It's 1854 and sixteen-year-old Molly would give anything to change her circumstances as a lowly servant in a posh London house. So when she hears of an opportunity to join the nurses who will be traveling with Florence Nightingale to the Crimea, she jumps at the chance. The work is grueling, the hospital conditions deplorable, and Miss Nightingale a demanding teacher. Before long, the plight of British soldiers becomes more than just a mission of mercy as Molly finds that she's falling in love with both a dashing young doctor and a soldier who has joined the army to be near her. But with the battle raging ever nearer, can Molly keep the two men she cares for from harm? A love story to savor, and a fascinating behind-the-scenes imagining of the woman who became known as "the lady with the lamp."
Once again Dunlap entices readers with her dramatic historical settings. This time we travel to the war-torn fields of Turkey with Florence Nightingale, “the lady of the lamp”. Dunlap is one of my favorite historical fiction writers because I think teens who don’t normally read this genre will enjoy her books. Dunlap has a flair for the dramatic so expect an ending that will leave you hanging on the final page.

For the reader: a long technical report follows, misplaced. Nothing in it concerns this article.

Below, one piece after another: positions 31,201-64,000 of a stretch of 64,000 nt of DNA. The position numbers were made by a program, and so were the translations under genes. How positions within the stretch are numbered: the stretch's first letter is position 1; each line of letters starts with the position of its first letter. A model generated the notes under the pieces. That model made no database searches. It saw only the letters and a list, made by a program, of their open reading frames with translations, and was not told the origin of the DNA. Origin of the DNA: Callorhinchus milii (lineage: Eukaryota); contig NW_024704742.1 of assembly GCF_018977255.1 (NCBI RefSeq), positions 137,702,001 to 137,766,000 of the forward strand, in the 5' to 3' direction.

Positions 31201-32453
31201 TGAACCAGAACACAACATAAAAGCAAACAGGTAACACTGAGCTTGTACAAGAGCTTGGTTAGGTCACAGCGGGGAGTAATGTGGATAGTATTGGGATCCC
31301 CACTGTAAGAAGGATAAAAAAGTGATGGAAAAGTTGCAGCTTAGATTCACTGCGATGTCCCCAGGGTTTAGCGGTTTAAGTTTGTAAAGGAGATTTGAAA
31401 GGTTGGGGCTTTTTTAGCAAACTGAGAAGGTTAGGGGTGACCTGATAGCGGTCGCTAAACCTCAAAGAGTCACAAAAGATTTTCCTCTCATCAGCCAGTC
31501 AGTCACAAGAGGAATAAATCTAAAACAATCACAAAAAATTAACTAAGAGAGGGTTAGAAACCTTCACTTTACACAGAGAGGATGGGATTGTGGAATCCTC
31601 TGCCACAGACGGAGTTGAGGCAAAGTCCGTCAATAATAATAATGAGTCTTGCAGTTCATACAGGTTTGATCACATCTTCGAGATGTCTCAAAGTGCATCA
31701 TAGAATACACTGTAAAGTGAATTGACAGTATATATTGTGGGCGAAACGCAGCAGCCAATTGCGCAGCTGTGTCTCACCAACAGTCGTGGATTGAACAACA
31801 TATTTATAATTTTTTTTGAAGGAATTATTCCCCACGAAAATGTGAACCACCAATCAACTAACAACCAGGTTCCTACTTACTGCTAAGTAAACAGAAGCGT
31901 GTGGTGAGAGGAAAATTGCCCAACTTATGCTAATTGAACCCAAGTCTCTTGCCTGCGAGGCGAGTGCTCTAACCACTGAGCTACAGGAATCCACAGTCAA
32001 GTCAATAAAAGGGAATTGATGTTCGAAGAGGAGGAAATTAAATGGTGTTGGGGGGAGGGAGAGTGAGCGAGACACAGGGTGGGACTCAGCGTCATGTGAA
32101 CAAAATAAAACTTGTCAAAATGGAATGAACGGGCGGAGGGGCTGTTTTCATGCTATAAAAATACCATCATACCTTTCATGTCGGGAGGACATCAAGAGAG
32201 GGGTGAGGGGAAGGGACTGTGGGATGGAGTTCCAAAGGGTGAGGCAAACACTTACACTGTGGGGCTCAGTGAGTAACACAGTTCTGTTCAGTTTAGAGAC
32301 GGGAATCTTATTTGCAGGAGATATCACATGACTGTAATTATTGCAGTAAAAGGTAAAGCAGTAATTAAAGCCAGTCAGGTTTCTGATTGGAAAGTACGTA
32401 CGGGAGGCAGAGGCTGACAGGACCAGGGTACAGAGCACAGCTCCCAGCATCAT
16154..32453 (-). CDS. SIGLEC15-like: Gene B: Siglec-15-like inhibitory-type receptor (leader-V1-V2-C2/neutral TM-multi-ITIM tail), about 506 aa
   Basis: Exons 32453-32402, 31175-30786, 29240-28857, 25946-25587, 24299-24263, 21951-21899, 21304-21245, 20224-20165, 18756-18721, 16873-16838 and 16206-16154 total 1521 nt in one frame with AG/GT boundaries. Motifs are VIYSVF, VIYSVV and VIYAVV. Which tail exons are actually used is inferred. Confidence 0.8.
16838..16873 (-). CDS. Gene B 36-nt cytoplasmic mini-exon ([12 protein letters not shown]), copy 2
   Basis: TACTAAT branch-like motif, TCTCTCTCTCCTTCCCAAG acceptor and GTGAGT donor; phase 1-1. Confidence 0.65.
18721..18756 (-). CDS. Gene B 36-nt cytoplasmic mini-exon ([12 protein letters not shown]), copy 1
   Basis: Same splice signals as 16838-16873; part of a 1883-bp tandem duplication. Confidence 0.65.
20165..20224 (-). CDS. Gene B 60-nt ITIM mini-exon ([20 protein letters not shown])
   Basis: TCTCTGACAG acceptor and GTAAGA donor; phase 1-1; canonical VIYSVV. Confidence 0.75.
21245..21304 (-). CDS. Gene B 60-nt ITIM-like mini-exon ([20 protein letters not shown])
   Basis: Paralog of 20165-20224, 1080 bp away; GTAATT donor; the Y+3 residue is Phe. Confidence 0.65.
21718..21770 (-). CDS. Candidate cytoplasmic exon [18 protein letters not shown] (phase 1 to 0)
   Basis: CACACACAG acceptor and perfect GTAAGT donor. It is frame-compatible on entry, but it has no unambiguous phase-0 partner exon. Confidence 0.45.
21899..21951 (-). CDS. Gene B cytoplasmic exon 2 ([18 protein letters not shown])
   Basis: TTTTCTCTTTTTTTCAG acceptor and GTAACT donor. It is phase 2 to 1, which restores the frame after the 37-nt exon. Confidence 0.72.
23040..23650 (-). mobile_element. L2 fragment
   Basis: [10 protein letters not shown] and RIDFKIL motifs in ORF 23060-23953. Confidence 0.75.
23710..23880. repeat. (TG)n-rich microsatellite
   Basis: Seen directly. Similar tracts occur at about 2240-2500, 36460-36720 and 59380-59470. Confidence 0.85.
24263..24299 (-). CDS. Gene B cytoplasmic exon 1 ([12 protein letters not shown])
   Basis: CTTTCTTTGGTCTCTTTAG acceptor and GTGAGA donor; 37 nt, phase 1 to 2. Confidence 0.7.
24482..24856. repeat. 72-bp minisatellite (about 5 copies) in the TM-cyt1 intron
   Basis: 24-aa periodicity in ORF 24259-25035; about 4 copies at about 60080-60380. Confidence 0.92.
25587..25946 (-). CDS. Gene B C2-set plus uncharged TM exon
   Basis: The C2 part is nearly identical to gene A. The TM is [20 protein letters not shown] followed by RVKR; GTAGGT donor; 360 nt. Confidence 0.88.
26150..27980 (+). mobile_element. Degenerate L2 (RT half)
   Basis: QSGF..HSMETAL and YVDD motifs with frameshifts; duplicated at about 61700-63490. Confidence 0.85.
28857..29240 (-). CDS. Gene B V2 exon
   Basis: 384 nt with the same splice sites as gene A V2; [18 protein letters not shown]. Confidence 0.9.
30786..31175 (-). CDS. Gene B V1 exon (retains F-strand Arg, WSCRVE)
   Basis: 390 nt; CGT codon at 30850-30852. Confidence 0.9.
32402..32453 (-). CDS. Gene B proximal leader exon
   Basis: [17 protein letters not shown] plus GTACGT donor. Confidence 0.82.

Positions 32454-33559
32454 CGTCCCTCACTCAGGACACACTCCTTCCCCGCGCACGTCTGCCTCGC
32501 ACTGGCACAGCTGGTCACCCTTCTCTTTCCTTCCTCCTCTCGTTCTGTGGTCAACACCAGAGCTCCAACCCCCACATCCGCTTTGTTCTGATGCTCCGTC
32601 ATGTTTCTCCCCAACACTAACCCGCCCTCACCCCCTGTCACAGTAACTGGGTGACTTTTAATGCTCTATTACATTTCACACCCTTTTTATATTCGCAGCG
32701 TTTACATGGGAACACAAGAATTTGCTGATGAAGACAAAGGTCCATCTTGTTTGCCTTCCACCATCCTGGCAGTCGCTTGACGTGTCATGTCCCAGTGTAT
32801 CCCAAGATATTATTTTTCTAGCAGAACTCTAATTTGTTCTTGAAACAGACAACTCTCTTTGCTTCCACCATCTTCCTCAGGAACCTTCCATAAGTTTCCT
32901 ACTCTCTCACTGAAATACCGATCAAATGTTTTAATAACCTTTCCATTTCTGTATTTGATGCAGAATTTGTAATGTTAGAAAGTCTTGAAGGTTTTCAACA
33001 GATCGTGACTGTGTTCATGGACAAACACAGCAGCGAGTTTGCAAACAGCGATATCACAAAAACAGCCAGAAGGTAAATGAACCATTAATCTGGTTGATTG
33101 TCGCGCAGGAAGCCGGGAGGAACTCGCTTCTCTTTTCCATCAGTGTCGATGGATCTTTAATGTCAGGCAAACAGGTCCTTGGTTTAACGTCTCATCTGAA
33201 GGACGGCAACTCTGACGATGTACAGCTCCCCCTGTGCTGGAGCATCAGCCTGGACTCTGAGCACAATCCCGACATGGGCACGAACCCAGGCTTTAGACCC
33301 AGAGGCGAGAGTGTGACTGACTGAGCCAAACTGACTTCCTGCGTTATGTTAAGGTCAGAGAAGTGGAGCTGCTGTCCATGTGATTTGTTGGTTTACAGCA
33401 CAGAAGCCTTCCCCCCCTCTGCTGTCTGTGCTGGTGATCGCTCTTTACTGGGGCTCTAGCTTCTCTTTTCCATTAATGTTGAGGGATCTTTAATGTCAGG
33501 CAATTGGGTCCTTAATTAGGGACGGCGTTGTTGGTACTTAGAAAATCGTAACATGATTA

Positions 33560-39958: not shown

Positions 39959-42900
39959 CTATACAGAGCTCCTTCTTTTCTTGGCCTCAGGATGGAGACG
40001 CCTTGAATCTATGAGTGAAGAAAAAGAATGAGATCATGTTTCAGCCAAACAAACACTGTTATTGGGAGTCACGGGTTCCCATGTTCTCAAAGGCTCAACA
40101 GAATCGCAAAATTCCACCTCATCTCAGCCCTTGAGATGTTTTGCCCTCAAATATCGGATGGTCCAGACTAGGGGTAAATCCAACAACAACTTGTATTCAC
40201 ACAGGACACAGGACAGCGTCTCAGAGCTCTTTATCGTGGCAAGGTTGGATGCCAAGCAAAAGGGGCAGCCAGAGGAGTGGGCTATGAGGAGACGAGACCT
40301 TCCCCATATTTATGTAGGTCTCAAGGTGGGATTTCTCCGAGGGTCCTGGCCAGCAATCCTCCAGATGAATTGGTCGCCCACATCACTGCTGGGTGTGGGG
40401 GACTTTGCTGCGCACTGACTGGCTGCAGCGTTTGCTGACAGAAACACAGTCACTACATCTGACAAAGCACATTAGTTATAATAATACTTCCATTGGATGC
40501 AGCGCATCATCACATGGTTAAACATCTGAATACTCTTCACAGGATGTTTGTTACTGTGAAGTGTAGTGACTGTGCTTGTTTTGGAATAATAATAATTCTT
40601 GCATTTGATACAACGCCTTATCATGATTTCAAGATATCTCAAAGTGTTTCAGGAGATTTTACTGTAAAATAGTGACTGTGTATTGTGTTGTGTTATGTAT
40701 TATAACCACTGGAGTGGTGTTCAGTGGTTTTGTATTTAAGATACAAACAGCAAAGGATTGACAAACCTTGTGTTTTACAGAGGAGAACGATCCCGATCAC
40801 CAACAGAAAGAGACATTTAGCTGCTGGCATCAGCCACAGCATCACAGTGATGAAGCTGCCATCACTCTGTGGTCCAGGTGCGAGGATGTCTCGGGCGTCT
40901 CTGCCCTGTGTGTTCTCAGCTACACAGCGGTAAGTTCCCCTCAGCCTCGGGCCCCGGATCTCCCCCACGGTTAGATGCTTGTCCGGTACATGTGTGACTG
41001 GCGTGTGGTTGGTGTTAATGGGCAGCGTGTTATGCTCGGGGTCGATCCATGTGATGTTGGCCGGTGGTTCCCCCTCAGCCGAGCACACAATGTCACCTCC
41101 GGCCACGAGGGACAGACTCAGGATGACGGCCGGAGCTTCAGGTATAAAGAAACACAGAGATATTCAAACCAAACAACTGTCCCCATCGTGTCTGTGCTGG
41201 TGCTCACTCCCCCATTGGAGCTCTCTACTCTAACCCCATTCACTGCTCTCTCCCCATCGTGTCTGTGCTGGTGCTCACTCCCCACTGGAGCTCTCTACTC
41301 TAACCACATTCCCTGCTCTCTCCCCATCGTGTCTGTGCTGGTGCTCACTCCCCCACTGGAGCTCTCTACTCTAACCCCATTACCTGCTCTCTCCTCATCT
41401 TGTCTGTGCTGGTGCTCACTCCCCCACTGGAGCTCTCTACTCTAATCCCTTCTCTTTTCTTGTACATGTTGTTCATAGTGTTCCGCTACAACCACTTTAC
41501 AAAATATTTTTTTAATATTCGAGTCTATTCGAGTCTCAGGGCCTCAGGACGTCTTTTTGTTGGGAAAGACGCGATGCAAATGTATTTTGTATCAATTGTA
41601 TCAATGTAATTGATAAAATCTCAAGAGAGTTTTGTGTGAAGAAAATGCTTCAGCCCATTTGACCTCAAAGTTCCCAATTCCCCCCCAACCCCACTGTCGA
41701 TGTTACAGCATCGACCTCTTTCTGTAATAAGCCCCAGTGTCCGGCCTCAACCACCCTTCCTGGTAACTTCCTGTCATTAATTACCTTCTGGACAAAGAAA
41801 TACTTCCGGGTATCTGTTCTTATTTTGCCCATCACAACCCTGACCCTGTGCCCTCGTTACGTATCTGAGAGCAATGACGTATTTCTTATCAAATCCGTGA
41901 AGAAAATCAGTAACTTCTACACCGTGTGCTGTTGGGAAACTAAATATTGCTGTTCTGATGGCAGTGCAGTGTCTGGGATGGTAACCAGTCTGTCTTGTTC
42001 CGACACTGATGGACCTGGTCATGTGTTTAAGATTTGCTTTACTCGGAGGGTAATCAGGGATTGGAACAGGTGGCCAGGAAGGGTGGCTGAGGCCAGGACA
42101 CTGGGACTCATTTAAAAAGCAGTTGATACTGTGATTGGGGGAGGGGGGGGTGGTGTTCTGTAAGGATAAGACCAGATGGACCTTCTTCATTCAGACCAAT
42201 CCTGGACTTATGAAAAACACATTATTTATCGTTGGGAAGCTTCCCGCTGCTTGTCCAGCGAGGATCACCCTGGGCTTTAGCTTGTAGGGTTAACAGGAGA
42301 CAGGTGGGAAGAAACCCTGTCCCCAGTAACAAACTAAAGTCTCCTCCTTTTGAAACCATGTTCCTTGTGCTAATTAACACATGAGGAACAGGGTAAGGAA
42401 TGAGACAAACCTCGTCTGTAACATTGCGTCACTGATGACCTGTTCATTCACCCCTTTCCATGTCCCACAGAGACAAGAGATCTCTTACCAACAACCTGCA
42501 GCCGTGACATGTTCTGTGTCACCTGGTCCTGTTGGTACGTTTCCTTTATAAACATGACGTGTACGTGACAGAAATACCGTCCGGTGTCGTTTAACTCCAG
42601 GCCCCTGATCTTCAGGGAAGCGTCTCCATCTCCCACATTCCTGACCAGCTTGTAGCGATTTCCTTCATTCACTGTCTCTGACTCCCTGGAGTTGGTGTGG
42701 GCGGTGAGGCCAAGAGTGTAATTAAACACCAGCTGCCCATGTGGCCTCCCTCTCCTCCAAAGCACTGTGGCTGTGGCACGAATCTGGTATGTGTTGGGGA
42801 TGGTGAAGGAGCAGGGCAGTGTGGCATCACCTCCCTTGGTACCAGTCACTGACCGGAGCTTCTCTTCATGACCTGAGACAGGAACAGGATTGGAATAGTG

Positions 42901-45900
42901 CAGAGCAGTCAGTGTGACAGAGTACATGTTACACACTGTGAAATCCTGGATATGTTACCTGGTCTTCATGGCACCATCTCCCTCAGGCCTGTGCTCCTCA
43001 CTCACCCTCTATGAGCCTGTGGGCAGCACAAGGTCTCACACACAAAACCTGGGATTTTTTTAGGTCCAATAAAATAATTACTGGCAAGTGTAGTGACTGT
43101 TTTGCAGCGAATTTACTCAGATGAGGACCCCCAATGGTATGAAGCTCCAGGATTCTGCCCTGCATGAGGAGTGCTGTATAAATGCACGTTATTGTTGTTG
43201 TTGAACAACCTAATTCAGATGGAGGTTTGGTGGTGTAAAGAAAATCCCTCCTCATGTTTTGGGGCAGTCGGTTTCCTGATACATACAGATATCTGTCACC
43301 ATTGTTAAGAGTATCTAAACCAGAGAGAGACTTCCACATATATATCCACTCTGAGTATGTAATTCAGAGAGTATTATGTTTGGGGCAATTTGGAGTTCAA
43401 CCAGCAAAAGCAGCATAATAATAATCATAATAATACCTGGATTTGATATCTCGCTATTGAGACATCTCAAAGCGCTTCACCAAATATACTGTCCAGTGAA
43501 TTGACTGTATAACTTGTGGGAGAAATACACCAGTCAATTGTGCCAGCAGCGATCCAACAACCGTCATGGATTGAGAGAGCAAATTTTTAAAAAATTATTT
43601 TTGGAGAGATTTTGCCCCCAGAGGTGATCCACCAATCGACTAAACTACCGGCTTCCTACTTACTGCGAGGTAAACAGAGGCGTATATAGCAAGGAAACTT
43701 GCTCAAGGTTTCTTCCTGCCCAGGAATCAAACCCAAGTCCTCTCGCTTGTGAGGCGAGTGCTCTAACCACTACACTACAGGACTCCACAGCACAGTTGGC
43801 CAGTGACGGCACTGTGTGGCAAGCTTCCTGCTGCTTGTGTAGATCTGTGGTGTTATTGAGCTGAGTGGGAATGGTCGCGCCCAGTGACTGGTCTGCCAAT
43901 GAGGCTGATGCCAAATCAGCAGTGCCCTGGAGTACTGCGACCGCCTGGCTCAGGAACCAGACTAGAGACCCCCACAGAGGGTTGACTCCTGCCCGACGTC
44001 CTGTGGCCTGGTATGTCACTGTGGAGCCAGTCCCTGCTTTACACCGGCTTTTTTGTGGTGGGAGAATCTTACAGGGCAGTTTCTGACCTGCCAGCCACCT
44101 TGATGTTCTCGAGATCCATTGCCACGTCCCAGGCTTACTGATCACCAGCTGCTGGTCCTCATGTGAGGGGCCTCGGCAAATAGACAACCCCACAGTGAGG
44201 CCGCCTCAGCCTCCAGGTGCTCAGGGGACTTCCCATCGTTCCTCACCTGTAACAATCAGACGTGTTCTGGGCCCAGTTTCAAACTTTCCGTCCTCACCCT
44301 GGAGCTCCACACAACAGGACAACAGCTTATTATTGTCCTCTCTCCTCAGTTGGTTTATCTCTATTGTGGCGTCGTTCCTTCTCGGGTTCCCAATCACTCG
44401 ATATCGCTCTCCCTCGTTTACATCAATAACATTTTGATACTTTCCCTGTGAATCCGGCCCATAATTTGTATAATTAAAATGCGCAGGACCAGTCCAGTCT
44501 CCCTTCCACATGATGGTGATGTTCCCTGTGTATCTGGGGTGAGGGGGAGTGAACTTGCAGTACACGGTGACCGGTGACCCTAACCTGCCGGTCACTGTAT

With the setting by far the strongest part of In the Shadow of the Lamp, Dunlap allows readers to venture into the hospital hallways and sickbeds where wounded soldiers are treated. The details of nursing duties and doctors are greatly outlined. However, the plot tipped on the weaker side toward the middle of the book. At times it seemed as if some things happened a bit too conveniently and it was definitely the “romantic” interest that moved the story along. While the characters are fairly well-developed, I felt like I didn’t quite understand Molly all the time, as if some of her thoughts and intentions were not quite clear.
With that being said, In the Shadow of the Lamp is still a nice novel especially if you are a fan of Dunlap’s. Compared to her first books, The Musician’s Daughter is still my favorite. The ending of In the Shadow of the Lamp is by far the best part of the whole book–loved it! Despite having some weakness in plot, Dunlap did create a vivid scene of a past history and executed it with adventure and a touching message. Can’t wait for her next book.
Recommendation: Highly recommend especially if you’ve enjoyed The Musician’s Daughter and Anastasia’s Secret. Great historical fiction novel for teens and has a good chance of holding interest for those who don’t normally read h.f. Ages 14+
Content: Descriptions of blood/surgery, some sensuality, references to prostitution (PG)|Pages: 293|Release Date: April 12, 2011|Publisher: Bloomsbury|
|Genre: Historical fiction, war, 1800s|
This review is copyrighted © by Books and Literature for Teens. Special thanks to Kate.